SilenceChristmas Eve wasn’t a silent night for me but December 3 was. That was the day I chose to keep silent. It wasn’t 100% silence. That wasn’t the goal; but rather to become more conscious of the words I do speak and their impact on others. I wanted to reduce the times that my speech was simply empty time fillers, especially words that at least subconsciously were aimed at self-aggrandizement, like “Yes, I go to Rome once a year, but the meetings are really tedious.” OR “I stayed up til 1:00 am last night writing a newsletter.” (The subtext of this is “Notice how hardworking and selfless I am, sacrificing my sleep for volunteer work.”) Here’s how my mostly silent day worked:


  • Choose a normal day. I confess that I cheated a little on this one. I chose a day that I didn’t have any meetings, talks, or conference calls. This is not normal, but I didn’t want to have to explain my silence or be rude. Since I work at home and my husband is usually the only other person in the house, I didn’t have many temptations. Perhaps I would have learned more if I needed to be more conscious of the times I did speak.
  • Inform your closest relationships. I told Jim and pinned a note on my sweater saying that I was not talking today
  • Don’t be rude. I decided that it would be rude not to answer people when they spoke to me. Also, since dinner is a connecting time for Jim and me, it would be rude not to talk during dinner.
  • When you do need to speak, choose words that are “few and full.”
  • After you speak journey inward to notice why you chose the words you did.
  • Choose a friend. No one took me up on my offer (at least no one told me they did) so I went solo.

Days 273 Extra - Cell phoneJUST THE FACTS:

  • Speaking Interactions: 13. Seven were phone calls. Three were with neighbors. Three were with Jim (including dinner).
  • Total Time: 44 minutes, 30 seconds. (Dinner conversation accounted for 20 minutes.)
  • Length: All but our dinner conversation were under 5 minutes.
  • Purpose: 8 interactions were to convey simple information like, “How do I fill out this time sheet?” “Is it too late for me to register for the dance?” “Is this the recycling truck or just the garbage truck?” One was to make an appointment. Two were to give Advent Calendars to neighbors with kids. One was to tech support. (Most of this was waiting time.)


  1. It’s hard to keep a focus on silence while around other people. If it were truly a normal day in which I were giving a talk or chatting with friends, I’d probably revert to old habits – such as too much information OR not enough listening, modeling, and focus on the other.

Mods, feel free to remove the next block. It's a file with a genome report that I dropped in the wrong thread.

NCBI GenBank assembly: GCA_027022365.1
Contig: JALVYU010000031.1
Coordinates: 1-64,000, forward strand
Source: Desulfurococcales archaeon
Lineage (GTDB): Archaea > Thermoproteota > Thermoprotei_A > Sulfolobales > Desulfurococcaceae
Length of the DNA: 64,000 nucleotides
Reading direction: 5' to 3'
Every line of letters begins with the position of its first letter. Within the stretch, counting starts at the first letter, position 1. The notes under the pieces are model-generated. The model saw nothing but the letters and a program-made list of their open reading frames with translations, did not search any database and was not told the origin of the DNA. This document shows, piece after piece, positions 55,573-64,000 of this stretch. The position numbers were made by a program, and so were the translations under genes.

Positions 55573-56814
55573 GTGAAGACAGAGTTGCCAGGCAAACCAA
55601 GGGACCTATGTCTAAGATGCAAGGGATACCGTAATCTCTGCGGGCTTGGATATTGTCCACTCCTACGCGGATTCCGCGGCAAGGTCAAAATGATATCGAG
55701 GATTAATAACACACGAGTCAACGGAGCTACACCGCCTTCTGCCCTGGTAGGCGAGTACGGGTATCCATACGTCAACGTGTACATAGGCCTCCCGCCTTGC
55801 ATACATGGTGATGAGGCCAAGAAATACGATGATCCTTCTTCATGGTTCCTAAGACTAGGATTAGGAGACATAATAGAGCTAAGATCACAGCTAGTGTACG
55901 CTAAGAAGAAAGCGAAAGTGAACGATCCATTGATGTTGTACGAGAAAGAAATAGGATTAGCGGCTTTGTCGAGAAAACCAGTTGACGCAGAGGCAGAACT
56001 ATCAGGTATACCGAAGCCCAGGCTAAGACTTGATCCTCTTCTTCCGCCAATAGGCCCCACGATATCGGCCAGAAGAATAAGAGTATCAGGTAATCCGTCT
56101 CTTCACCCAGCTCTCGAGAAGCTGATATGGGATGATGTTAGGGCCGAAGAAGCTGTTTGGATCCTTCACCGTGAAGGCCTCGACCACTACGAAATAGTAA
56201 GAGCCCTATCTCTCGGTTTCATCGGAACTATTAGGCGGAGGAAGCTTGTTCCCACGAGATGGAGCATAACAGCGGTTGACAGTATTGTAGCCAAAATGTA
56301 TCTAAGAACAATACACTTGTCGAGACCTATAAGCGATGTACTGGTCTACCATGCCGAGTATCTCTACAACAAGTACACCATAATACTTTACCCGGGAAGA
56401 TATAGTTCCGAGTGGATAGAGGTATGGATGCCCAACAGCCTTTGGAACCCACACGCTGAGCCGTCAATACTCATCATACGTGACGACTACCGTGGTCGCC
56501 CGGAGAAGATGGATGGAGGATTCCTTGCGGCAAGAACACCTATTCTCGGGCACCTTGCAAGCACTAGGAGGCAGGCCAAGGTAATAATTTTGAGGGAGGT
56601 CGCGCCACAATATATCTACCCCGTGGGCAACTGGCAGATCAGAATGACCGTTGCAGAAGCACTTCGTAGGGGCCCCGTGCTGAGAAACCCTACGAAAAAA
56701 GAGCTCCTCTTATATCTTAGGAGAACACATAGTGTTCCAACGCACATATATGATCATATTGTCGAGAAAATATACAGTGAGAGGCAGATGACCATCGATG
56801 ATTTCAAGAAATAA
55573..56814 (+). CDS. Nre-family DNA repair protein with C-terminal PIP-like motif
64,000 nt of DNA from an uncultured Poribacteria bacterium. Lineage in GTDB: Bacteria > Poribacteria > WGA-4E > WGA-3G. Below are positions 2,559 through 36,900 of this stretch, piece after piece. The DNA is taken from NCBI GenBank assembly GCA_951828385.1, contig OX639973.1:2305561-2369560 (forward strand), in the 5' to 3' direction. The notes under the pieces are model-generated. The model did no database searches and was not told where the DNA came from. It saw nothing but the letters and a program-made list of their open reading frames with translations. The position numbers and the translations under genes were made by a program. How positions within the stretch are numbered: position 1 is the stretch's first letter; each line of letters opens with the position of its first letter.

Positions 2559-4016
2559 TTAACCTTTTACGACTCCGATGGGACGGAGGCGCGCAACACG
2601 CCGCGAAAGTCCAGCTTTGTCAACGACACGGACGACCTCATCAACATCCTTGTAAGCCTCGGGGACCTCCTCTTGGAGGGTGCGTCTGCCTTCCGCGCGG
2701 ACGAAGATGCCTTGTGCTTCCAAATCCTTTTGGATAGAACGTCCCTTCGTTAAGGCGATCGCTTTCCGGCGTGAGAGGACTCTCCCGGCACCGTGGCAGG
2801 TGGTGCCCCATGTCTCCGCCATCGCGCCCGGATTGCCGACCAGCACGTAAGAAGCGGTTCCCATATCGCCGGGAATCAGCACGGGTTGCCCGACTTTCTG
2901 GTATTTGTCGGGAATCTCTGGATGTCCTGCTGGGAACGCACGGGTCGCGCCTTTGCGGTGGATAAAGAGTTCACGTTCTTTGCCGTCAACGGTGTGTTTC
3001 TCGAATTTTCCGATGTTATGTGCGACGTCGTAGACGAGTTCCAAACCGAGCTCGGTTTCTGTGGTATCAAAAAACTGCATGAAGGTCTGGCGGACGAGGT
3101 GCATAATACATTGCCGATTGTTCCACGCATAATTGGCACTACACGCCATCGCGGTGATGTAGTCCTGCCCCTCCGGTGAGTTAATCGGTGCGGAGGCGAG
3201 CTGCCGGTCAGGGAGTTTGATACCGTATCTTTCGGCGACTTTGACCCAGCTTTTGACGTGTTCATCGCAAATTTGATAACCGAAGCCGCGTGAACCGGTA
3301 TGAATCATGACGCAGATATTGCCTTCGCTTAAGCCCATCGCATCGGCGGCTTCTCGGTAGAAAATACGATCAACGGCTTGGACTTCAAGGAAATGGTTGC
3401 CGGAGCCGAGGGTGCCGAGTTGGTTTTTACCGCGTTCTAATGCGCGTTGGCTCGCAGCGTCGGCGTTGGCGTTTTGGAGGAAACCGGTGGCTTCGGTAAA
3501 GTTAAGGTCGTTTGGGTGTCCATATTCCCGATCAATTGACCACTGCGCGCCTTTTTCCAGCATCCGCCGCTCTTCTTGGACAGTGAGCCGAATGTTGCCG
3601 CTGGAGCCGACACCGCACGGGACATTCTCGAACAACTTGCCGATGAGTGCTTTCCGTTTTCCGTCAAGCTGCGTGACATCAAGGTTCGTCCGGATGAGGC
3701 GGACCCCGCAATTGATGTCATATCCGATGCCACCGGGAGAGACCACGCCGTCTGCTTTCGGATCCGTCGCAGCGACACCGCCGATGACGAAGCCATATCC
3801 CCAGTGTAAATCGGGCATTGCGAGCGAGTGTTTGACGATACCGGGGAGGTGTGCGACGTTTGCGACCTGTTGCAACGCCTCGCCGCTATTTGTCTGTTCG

2. BUT, this is not just about being quiet. It’s about being conscious of when I do speak. Maybe I need to tweak my talking by practicing mindfulness of speech occasionally in short spurts like when I’m in a meeting. By pausing before and after each comment, I might be better at curbing self-serving, complaining, or long-winded speech. I need to focus on the other’s need and not just “listen with my answer running.” Don’t be stingy with compliments and words of honor.
  3. Silence is easier if it is the expected norm. Once I went on a silent retreat at a Trappist Monastery. Silence was not difficult because everyone there has the same purpose. Silence at a play or movie is expected. Silence at a meeting, dinner, or party are not.
  4. Writing a few thoughts out in preparation for speaking helped me get to the point most succinctly and clearly.
  5. Silence gave me time to think before I talked. What does this occasion really ask of me? Is it information that is needed or simply affirmation, consolation, or a helpful action?
  6. Silence gave me time to wonder and marvel at things I might have otherwise missed – the fallen leaves, a spouse who is willing to tolerate my seemingly silly experiments…
  7. Waiting in silence can be productive (or at least be a chance to practice patience). Waiting for tech support gave me time to read emails and possibly solve the problem on my own. (The phone call took 45 minutes. Only 6 of these minutes involved me talking. A lot of it was waiting and pushing numbers on the phone.).

*Thanks to Joshua Becker’s blog for the inspiration for this post.